- Whether tax planning has been undertaken
- Whether a tax scheme has been utilised (over the past fifteen years)
- Press coverage and/or information on social media sites (although this in itself will not result in an enquiry)
General areas of risk include:
Managing HMRC’s request
HMRC don’t simply directly request a specific area to be considered, instead they collate evidence which may generally indicate the direction of their queries although often goes missed. A HMRC request if considered carefully can:
- Let you know what they are really interested in
- Permit a client to make a proactive disclosure and mitigate penalties
A request may be for information or for a meeting/visit.
Where the request is for information, it is essential to establish:
- The time given to respond
- Whether HMRC is entitled to the information
- Could the information relate to establishing a tax irregularity and if so what area
It may seem obvious, although far too often consideration is not given to how long a response may take and advisers and clients find themselves rushing to meet a deadline. HMRC will generally request a response within 30 days although this period is the minimum requirement. There may be good grounds why the timescale cannot be met including the availability of persons, the amount of information requested and the time it will take to review and compile the information. HMRC will generally extend the period although they will not be content if a deadline is not met.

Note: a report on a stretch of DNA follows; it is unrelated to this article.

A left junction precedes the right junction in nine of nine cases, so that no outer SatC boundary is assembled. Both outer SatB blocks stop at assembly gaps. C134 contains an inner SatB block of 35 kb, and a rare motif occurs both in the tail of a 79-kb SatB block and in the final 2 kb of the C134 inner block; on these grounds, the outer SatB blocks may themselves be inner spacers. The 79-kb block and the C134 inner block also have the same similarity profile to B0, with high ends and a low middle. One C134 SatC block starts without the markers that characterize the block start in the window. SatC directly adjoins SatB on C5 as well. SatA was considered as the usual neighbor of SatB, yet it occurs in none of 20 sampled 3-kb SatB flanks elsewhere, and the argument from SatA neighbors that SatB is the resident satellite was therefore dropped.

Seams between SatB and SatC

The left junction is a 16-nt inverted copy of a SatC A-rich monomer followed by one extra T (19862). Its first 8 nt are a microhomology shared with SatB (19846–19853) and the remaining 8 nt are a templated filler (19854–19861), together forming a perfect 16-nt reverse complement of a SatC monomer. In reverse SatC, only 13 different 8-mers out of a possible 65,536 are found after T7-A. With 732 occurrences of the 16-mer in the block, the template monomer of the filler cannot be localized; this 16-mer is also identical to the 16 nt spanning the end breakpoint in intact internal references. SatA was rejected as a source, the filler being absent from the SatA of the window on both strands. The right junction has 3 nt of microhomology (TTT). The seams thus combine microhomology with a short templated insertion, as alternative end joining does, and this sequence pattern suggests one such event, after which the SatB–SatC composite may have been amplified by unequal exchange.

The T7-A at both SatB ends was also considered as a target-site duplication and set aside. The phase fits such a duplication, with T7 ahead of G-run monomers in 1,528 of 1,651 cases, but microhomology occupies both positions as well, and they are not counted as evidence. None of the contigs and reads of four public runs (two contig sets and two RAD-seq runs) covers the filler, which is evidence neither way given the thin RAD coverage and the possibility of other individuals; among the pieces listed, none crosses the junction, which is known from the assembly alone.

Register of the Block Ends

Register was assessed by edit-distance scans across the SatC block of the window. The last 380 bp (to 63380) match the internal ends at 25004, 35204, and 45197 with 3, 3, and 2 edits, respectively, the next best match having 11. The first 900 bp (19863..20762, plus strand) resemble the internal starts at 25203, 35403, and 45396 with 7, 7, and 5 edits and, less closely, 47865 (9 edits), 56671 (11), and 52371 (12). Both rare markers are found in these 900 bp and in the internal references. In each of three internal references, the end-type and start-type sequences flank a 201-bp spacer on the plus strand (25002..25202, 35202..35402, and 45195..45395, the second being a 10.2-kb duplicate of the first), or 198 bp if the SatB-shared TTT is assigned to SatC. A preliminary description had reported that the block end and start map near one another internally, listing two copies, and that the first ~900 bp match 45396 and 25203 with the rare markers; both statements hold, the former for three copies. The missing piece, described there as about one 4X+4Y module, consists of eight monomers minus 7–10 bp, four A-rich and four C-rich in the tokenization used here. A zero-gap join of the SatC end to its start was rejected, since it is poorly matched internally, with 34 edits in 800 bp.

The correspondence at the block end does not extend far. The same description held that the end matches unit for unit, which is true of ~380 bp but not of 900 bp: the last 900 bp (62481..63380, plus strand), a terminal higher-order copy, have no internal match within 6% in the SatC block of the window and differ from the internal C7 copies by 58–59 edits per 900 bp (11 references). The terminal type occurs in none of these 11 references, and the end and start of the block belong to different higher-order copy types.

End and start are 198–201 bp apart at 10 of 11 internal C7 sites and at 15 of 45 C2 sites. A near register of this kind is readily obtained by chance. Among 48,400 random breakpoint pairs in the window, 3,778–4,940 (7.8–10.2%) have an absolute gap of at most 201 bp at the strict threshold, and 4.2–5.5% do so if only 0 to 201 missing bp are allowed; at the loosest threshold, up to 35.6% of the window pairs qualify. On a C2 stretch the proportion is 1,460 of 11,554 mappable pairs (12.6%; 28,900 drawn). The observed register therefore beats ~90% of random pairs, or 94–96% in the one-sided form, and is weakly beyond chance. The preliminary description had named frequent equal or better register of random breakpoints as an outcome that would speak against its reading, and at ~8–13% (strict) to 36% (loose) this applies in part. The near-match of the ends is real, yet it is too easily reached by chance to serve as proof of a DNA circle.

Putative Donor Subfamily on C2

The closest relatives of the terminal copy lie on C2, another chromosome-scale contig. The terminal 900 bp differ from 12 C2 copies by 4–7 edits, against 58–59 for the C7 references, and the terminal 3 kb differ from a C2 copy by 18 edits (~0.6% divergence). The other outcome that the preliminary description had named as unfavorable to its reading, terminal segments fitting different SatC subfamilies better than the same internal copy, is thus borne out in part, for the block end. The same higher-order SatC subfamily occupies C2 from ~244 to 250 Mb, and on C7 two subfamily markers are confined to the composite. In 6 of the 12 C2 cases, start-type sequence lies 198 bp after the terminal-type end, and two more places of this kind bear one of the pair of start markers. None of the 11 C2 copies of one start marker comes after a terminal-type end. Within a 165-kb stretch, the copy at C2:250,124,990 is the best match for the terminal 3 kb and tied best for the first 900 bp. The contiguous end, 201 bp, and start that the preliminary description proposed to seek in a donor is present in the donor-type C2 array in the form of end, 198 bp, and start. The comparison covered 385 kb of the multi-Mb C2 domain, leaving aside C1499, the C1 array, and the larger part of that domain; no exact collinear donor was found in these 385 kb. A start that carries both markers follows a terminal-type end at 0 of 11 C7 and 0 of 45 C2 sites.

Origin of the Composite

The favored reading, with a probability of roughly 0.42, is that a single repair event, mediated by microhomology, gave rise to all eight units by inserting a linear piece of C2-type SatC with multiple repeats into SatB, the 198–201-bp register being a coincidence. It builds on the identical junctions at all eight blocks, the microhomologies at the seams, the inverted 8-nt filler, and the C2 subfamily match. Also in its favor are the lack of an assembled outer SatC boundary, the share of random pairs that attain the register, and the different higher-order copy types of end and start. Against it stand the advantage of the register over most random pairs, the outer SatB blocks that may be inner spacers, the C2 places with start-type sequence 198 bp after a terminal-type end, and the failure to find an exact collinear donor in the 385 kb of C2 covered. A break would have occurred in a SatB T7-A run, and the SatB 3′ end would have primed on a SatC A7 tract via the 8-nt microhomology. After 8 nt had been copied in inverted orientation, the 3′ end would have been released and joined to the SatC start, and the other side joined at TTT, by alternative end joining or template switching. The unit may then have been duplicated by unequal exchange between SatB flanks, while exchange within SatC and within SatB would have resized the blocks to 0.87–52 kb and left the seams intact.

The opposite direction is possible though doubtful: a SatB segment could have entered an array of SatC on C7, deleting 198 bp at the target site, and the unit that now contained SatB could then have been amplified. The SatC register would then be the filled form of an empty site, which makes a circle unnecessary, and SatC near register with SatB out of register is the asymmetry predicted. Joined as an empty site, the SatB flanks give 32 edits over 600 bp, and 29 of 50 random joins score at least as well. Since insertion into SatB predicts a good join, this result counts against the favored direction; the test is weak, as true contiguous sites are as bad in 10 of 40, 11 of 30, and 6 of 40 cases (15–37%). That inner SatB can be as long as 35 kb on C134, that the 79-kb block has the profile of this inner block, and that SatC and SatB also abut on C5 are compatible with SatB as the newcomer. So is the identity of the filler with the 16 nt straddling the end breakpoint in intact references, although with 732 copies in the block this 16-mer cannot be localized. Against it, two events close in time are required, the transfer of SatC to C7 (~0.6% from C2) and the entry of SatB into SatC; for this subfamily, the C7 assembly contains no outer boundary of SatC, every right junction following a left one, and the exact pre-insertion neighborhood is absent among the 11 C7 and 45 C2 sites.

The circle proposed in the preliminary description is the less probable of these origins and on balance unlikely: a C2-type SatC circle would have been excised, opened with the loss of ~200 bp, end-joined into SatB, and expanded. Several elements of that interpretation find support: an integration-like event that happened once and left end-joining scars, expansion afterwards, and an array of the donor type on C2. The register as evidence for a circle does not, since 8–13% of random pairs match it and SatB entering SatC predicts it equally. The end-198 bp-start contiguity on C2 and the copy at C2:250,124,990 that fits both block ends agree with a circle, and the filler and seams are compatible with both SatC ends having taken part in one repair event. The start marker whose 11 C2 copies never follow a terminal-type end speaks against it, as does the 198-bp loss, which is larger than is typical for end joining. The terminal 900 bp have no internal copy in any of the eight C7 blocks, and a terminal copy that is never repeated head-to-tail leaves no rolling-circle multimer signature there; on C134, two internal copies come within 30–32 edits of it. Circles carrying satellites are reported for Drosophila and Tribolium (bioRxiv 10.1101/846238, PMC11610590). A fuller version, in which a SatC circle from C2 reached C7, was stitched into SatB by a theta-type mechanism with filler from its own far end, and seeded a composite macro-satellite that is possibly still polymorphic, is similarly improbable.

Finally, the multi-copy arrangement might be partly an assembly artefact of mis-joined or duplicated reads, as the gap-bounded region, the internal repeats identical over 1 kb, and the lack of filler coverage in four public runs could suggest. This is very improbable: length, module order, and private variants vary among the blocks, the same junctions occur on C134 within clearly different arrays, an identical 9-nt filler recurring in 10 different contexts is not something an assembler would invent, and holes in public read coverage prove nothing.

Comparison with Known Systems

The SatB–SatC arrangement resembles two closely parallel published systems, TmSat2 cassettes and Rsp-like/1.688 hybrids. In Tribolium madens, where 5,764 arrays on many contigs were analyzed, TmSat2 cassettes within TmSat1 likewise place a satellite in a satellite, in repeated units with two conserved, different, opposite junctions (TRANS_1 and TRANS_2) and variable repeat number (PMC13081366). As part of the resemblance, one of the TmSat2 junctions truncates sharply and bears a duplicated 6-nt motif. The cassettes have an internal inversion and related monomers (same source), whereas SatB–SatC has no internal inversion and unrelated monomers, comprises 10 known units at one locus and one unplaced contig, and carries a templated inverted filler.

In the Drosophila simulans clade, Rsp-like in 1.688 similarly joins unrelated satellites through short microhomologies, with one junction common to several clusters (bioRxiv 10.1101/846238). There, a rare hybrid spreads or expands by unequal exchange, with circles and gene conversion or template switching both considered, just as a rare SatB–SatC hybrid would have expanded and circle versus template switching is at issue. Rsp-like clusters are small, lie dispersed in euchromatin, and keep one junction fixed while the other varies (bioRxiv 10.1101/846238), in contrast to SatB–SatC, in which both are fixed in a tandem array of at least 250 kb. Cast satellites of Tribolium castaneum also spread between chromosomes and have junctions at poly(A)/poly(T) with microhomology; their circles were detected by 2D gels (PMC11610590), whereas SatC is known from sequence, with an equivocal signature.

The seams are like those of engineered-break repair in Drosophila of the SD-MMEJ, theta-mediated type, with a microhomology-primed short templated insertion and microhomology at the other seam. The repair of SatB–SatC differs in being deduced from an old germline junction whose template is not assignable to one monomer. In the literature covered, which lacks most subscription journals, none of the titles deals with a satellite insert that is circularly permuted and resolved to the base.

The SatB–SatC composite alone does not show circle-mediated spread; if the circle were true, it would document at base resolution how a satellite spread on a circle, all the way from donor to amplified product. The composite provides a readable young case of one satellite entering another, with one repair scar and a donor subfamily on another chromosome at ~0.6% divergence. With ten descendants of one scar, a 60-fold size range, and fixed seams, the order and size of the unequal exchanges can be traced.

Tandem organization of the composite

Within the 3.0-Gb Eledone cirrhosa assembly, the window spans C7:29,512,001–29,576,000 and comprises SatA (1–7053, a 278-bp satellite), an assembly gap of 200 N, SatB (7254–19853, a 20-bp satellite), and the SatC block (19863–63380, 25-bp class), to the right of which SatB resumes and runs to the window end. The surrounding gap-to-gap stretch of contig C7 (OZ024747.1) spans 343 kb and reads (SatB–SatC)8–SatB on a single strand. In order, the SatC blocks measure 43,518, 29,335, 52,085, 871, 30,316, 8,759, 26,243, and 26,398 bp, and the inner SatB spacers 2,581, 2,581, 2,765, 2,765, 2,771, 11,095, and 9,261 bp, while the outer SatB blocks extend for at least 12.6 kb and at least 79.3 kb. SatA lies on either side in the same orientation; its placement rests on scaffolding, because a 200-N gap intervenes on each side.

There is a fine line in being cooperative and providing all information or providing that which HMRC are entitled to or that which is necessary to answer the question. For example:
- HMRC may request personal bank statements of a shareholder/director whilst looking at a company’s tax affairs. Is this appropriate? Where the personal bank account is used to meet expenses of the business and/or the business account used to meet personal expenses then HMRC may have grounds to request.
- The bank statements of a business may be requested to evidence a particular expense – would it not be simpler to provide a receipt and one statement as opposed to all?
- Statements (or other information) may be asked for the current accounting year or prior ones that are not within the enquiry window.
Establishing what the line of questioning relates to requires exploring what the information could be used for other than what it appears to be requested for. For example, personal bank statements may show other sources of income or regular amounts paid by a company that appear to be salary and not a dividend. Another example may be verifying the VAT return and considering entertainment expenditure and comparing it against the amount disallowed in the corporation tax computation. The adviser might wish to reconcile return figures ahead of communicating with HMRC!
HMRC may stipulate that they wish to look at evidencing the sales figure although they may also ask for stock count information at year start/end and damages. Sales figures could be reconciled with VAT returns although the discrepancies between VAT reclaimed and paid may identify potential cash sales.